A self-styled liberal Republican who resisted liberal reforms, a pretty good guy but not such a great president.
Such is the Eisenhower that journalist-novelist Wicker (Easter Lily, 1998, etc.) delivers in this slender, well-written entry in Arthur Schlesinger’s American Presidents series (see Hans L. Trefousse, above) a biography full of gentle gainsaying and sometimes not-so-gentle criticism. He accepted the presidency reluctantly, Eisenhower tells us in his autobiography, as something of an unwanted duty; but, Wicker suggests, Eisenhower actively courted the Republican Party’s nomination, satisfying a long-held ambition that was evident even to his subordinates in WWII. He conducted his presidency with moderation and diplomacy, welcome in a time of ever-heating cold war; among other things, he ended the war in Korea and steered a peaceful course through the shoals of events such as the U2 incident and the French defeat in Indochina. Yet, Wicker holds, Eisenhower had at least as many failures as successes: he failed to defang the red-baiting Senator Joseph McCarthy, preferring to avoid confrontation with him; he allowed Richard Nixon the job of vice president, even though Eisenhower seems to have detested him (“the president considered Nixon too ‘politically minded’ and doubted he was ‘mature enough’—a constant, rather condescending Eisenhower concern about many of his associates”); and he did almost nothing, and then reluctantly, to attend to pressing issues on the home front, particularly those having to do with civil rights. In the end, Wicker writes, after eight years as president, Eisenhower left the world more divided and hostile than when he took office, and otherwise failed to impress. All of which Wicker, an admitted supporter of Adlai Stevenson at the time, seems inclined to forgive, writing wearily, “Dwight Eisenhower was a good man, at times a great man, and it seems unnecessary to try to make him out a great president, too.”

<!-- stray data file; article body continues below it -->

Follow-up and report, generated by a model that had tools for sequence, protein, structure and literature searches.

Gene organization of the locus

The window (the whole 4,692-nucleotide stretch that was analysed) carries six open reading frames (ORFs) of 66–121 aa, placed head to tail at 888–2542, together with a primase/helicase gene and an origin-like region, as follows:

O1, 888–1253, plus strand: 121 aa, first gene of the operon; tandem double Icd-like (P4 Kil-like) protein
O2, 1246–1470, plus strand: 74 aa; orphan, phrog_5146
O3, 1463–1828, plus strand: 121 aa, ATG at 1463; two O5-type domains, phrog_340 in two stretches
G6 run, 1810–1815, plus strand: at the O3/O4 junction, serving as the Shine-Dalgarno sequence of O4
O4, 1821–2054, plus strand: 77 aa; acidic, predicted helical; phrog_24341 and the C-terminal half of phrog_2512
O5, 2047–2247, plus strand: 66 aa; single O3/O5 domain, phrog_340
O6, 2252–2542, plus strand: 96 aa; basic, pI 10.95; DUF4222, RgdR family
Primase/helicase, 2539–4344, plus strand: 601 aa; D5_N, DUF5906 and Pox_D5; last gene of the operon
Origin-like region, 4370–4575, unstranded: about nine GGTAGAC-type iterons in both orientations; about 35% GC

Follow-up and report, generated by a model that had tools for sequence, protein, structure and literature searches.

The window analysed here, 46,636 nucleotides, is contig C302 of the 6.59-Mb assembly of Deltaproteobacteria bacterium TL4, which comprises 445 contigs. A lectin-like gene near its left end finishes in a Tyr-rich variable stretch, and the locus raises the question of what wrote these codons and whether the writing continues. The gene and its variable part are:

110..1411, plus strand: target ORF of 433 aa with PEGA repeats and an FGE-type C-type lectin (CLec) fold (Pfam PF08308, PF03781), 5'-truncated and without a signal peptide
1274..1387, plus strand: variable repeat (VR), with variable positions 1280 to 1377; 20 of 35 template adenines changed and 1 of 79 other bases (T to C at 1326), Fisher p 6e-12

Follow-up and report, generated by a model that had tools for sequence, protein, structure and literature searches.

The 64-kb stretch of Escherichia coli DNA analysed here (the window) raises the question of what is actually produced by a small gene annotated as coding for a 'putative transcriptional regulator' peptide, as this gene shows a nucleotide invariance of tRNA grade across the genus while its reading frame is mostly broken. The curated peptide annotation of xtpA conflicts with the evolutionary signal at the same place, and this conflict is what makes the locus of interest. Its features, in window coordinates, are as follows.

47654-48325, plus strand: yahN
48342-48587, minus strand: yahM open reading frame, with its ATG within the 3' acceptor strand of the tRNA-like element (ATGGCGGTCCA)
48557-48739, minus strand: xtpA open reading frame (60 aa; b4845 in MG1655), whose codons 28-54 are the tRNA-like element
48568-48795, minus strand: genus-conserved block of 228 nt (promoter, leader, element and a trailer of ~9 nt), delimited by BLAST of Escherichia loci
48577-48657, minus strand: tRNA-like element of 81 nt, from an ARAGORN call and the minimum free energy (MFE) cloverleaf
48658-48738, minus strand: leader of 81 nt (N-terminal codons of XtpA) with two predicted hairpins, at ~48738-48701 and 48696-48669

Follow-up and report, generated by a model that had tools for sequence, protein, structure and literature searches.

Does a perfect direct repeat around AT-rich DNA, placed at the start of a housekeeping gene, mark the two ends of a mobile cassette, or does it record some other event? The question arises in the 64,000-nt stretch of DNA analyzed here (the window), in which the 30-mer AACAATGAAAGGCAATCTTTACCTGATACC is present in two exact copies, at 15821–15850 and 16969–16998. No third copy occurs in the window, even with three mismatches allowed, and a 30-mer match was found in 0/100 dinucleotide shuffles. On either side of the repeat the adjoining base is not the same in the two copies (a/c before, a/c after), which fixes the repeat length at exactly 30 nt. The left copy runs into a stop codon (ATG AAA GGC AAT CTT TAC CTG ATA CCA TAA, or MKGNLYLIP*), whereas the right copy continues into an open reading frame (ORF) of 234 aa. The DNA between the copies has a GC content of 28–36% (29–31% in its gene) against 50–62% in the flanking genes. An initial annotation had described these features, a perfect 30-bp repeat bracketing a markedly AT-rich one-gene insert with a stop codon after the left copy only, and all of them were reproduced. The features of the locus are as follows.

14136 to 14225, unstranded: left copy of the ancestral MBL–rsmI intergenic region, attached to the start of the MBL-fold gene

Q.E.D. A brief but solid study that gives credit where it’s due, but that gives little reason to give Eisenhower more than a gentleman’s C as chief executive.